CUPERTINO, Calif. -- Apple Computer Inc. is expected to complete a licensing agreement with International Business Machines Corp., for the Macintosh operating system, analysts and a published report said yesterday.
Apple and IBM are in the final stages of negotiations, which are expected to be concluded within several weeks, USA Today reported. The agreement will call for IBM's Microelectronics division to sell the Macintosh software to customers that buy IBM's PowerPC chip, the newspaper said.
Officials at Apple and IBM would neither confirm nor deny the report.
An agreement is no big boost to money-losing Apple Computer because IBM, the world's No. 2 personal computer maker behind Compaq Computer Corp., still won't be making Apple-compatible machines, analysts said.
"It's a very half-hearted endorsement," said Pieter Hartsook, an independent industry analyst. "It certainly doesn't hurt Apple, but it's not going to help them a whole lot."
In 1994, Apple began to reverse its decades-old strategy of developing all its own hardware and proprietary software, which made its PCs more expensive than the competition.
Apple executives said licensing is important to the company's future because it gives them a way out of selling very low-cost systems. The company will leave that less-profitable market to clone makers and increase overall market share for Mac systems, the executives said.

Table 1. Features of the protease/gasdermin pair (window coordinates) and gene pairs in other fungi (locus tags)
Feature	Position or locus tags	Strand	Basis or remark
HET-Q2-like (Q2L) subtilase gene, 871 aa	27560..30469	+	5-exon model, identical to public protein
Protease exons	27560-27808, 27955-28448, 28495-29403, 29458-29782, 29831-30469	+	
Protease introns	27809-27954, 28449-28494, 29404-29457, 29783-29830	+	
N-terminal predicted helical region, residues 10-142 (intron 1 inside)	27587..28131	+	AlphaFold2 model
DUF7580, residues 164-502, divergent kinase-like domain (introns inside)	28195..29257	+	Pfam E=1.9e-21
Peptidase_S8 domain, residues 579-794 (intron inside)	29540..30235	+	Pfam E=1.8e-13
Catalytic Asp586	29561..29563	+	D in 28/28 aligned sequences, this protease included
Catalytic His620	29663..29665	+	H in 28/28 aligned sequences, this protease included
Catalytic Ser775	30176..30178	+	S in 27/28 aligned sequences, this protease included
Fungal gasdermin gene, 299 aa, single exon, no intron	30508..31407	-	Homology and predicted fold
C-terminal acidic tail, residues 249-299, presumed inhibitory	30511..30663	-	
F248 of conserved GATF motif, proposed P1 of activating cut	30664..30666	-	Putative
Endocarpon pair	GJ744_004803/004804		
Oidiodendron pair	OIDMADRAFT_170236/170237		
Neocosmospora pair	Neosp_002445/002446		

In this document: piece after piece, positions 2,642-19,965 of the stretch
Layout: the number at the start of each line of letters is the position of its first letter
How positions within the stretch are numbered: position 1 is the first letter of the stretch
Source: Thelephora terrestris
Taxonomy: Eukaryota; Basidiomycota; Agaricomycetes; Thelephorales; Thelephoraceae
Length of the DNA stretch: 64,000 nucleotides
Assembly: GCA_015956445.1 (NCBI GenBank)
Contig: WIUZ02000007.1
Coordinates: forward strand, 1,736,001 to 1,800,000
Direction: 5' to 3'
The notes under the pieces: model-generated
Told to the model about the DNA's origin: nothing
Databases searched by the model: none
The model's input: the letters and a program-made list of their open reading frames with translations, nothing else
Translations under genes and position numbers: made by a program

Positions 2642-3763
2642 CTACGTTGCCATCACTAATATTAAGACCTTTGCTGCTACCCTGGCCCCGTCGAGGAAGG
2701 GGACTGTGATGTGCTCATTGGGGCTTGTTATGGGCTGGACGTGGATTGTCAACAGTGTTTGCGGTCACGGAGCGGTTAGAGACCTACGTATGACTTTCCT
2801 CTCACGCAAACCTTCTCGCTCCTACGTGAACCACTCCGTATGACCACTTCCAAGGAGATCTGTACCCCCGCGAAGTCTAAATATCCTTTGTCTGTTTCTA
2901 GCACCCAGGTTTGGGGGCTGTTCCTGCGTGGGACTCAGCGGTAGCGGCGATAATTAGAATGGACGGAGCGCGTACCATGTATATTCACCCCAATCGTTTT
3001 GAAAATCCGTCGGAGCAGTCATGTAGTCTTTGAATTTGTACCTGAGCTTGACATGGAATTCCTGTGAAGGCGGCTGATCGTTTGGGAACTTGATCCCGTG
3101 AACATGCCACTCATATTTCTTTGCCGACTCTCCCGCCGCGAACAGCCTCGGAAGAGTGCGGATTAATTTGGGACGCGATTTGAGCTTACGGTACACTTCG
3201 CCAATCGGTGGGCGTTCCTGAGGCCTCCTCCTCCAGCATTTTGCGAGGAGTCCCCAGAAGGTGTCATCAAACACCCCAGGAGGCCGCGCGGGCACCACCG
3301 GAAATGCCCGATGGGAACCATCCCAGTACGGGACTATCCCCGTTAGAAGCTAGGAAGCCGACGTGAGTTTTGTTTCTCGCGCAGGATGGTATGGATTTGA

The problem, analysts said, is that IBM won't be building the completed systems needed to make an Apple-compatible machine, so customers would still need to spend time and money to engineer the internal circuitry themselves.
IBM may find partners to provide that service among makers of computer chips or motherboards, the completed circuitry that makes up the guts of a personal computer.
Meanwhile, IBM still isn't manufacturing Apple-compatible machines itself, which had been expected since IBM introduced its line of PowerPC computers in June.
IBM now sells PowerPC machines with high-end products from Apple's software competitors, including Microsoft Corp.'s Windows NT. IBM said in June that it would ship PCs with the Macintosh operating system in the second half of this year.
An Apple licensing agreement -- an important endorsement from IBM -- isn't as comprehensive as the agreement signed last month with Motorola Inc., analysts said.
Motorola, a builder of PowerPC chips and motherboards, will be able to sublicense the Macintosh operating system to PC makers who buy motherboards, analysts said.
That means that small companies with little engineering expertise will be able to quickly assemble and sell Macintosh PCs.
IBM, Apple and Motorola jointly developed the PowerPC chip in an effort to compete against chips made by Intel Corp., which use Microsoft software. Intel's family of x86 chips run more than 75 percent of the world's PCs.
Apple's stock rose $1.625 to $26 yesterday. IBM shares lost $1.50 to $117.875.
Pub Date: 4/10/96